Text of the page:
So, there are ways to shift the water balloon of expenses to make it more resident friendly, give them better food. I know that companies like Sunrise have a concierge in addition to a person, a greeter and they will help you track down the best doctor, the best dry cleaner, whatever you want. So, if you’re known for that and you’re willing to live with the lower margins, but keep them consistent, I think that’s a very viable business model.
Lucas: So, Eric, talk to us about your company as we’re rounding up the show. What are you excited about at NIH right now?
Eric: My favorite topic. What gets me up in the morning is opportunity and NIH is still in a growth mode. When you’re a three- to four-billion-dollar company, it’s much easier to become a six- or ten-billion-dollar company than a larger (company) that’s already 30 billion; it’s hard for them to move the needle quickly.
So, even in tough environments we seem to be able to outperform our competitors and part of that secret sauce is our relationships. You guys have been to some of our events and we’re a much more approachable group. You can come by our office and see me or our chief investment officer without a lot of fanfare. We’re usually pretty available and I think that distinguishes us.
I tell analysts that follow us as a public company that if you call our office Monday about a deal and we like it, it’s likely that we will be in that building before the end of the week and you might have a letter of intent by the end of the week as well. So, we can move a lot faster than most of our competitors.
The last thing that gives us an advantage is our cost of capital. We have virtually the same cost of capital as the larger reeds because of our good track record, our growth and our low leverage. So, we’re able to offer smaller, regional operators very competitive rates.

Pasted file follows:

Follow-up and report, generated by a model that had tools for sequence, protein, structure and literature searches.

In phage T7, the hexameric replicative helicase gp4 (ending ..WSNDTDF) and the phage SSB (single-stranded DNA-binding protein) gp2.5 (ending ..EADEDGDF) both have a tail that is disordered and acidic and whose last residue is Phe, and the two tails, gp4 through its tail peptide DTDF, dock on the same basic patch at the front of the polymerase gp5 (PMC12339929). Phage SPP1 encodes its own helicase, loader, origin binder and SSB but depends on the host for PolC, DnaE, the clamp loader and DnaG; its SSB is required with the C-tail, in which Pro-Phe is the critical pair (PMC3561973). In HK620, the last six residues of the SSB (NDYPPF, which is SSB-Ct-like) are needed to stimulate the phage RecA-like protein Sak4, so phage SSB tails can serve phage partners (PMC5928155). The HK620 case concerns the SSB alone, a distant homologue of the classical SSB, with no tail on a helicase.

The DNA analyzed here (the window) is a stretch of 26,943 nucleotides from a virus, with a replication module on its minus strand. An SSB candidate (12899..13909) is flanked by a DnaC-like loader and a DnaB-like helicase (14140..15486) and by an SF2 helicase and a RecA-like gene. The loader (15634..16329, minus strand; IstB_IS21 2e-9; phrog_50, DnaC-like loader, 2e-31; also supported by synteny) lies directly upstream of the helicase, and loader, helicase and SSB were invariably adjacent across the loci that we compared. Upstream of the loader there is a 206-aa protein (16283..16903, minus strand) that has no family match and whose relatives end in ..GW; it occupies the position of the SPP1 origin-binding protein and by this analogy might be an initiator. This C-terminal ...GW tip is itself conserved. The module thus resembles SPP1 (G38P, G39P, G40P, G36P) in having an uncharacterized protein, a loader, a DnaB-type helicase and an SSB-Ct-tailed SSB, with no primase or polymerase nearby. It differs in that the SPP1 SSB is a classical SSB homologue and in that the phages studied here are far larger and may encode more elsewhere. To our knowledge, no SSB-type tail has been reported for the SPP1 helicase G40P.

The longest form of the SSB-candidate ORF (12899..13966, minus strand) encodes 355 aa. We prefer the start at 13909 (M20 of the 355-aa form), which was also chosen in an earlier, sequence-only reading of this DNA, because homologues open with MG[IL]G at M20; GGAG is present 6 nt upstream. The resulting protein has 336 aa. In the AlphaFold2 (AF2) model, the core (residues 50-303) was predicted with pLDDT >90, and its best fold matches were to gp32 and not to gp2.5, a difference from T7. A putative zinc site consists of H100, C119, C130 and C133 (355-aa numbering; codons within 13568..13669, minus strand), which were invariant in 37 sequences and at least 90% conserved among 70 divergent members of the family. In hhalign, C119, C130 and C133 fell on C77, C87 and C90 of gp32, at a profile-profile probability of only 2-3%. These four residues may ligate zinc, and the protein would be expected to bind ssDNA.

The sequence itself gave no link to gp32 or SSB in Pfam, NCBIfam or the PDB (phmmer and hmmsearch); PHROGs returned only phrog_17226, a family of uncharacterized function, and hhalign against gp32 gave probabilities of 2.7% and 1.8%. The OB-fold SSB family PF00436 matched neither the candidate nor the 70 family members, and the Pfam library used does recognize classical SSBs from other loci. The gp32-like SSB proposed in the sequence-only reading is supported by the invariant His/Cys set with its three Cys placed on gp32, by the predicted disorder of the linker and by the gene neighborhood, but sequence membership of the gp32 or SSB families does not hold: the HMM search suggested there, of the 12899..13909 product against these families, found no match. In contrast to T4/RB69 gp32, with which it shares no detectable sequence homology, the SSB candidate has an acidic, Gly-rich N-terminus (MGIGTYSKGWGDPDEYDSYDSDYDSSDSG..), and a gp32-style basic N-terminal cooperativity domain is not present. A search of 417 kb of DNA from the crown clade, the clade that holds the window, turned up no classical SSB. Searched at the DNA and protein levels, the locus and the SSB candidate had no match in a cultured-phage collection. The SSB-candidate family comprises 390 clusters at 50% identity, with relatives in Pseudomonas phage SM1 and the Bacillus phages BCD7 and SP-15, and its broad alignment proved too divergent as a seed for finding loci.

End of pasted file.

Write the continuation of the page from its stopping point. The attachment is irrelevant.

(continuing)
Josh: That’s awesome. So, I can attest to a lot of those areas because I’ve been able to work and meet with your team. I love one of the things, and I think it’s part of your culture, is I don’t think I’ve talked to any of your guys where they don’t shoot me a text or something – I just got a text from one of your team, I don’t want to start name dropping right here-
Eric: Cameron Bell.
Josh: Okay, Cameron Bell, thank you. And he said, man, when we connect we need to know how to better serve you, how to help you grow, how to serve your needs. So, he’s reaching out to me. I know that guy is busy, traveling all over the country, talking to a million people, but it’s a very servant mentality. So, kudos to you for developing that. Those guys are working hard and I agree they’re agile. So, I’d say that’s a degree of separation.
Eric: We wear a lot of hats. Sometimes I act as a lawyer and proofread documents and make comments.